October 12, 2018

Does Complementary Medicine Increase Risk of Death for Cancer Patients?

Evaluating the headline-grabbing JAMA study
The recent JAMA Oncology study on the risks of using complementary medicine after a cancer diagnosis provided sensational headlines—but did it provide any legitimate conclusions about the place of integrative medicine in cancer care?

This article is part of the 2018 NMJ Oncology Special Issue. Download the full issue here.  


Johnson SB, Park HS, Gross CP, Yu JB. Complementary medicine, refusal of conventional cancer therapy, and survival among patients with curable cancers. JAMA Oncol. 2018;4(10):1375-1381.


A retrospective observational analysis of data obtained from the National Cancer Database (NCDB)


The initial cohort included 1,901,815 patients who were diagnosed with non-metastatic breast, prostate, lung, or colorectal cancer between 2004 and 2013. The NCDB is a clinical database that captures approximately 70% of all newly diagnosed cancers from more than 1,500 Commission on Cancer accredited centers in the United States and is a joint project of the Commission on Cancer of the American College of Surgeons and the American Cancer Society. Patients were selected from this cohort based on their use of complementary medicine during cancer treatment.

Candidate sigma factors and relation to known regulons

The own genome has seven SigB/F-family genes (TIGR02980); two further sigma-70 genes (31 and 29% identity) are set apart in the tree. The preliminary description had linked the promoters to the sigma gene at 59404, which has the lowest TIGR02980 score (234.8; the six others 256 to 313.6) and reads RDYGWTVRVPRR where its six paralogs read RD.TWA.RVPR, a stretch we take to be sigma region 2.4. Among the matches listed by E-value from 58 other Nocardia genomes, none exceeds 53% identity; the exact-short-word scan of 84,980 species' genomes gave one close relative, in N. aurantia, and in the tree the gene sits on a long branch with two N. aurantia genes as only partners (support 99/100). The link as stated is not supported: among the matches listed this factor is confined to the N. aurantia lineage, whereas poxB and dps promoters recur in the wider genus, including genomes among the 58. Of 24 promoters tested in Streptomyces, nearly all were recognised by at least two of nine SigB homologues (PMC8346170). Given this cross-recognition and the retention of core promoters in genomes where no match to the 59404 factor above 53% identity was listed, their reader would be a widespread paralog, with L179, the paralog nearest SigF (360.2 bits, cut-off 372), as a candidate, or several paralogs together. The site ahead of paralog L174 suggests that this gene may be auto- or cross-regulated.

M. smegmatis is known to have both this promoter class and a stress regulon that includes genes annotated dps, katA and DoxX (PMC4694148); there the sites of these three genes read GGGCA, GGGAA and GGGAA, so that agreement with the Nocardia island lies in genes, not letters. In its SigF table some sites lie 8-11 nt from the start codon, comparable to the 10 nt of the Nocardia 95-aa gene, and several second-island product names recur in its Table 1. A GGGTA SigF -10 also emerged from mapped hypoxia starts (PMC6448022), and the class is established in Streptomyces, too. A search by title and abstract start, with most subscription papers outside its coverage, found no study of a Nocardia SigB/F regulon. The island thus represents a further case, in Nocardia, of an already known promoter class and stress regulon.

From the initial group of 1,901,815 patients with cancer, 258 people met the study’s definition of using complementary medicine (the CM group). Of the remaining patients, 1,032 served as the control group. The CM group consisted of 199 women and 59 men, with a mean age of 56 years. Patients were matched on age, clinical group stage, comorbidity score, insurance type, race/ethnicity, year of diagnosis, and cancer type to other patients in the database.

Study Medication and Dosage

Patients were defined as undergoing complementary medicine if they received “Other-Unproven: Cancer treatments administered by nonmedical personnel” in addition to any conventional cancer treatment (CCT) as noted in the patient record. Treatment refusal was defined as any NCDB-documented refusal of chemotherapy, radiotherapy, surgery, and/or hormonal therapy in the patient record.

Outcome Measures

Overall survival, adherence to treatment, and patient characteristics

Key Findings

Patients who chose CM did not have a longer delay to initiation of CCT but had higher refusal rates of surgery (7.0% vs 0.1%; P<0.001), chemotherapy (34.1% vs 3.2%; P<0.001), radiotherapy (53.0% vs 2.3%; P<0.001), and hormone therapy (33.7% vs 2.8%; P<0.001).

Use of CM was associated with poorer 5-year overall survival compared with no CM (82.2% [95% CI: 76.0%-87.0%] vs 86.6% [95% CI: 84.0%-88.9%]; P=0.001) and was independently associated with greater risk of death (hazard ratio: 2.08; 95% CI: 1.50-2.90) in a multivariate model that did not include treatment delay or refusal. However, there was no significant association between CM and survival once treatment delay or refusal was included in the model (hazard ratio: 1.39; 95% CI: 0.83-2.33).

In this study, patients who received CM were more likely to refuse additional CCT, and those who did had a higher risk of death.

Practice Implications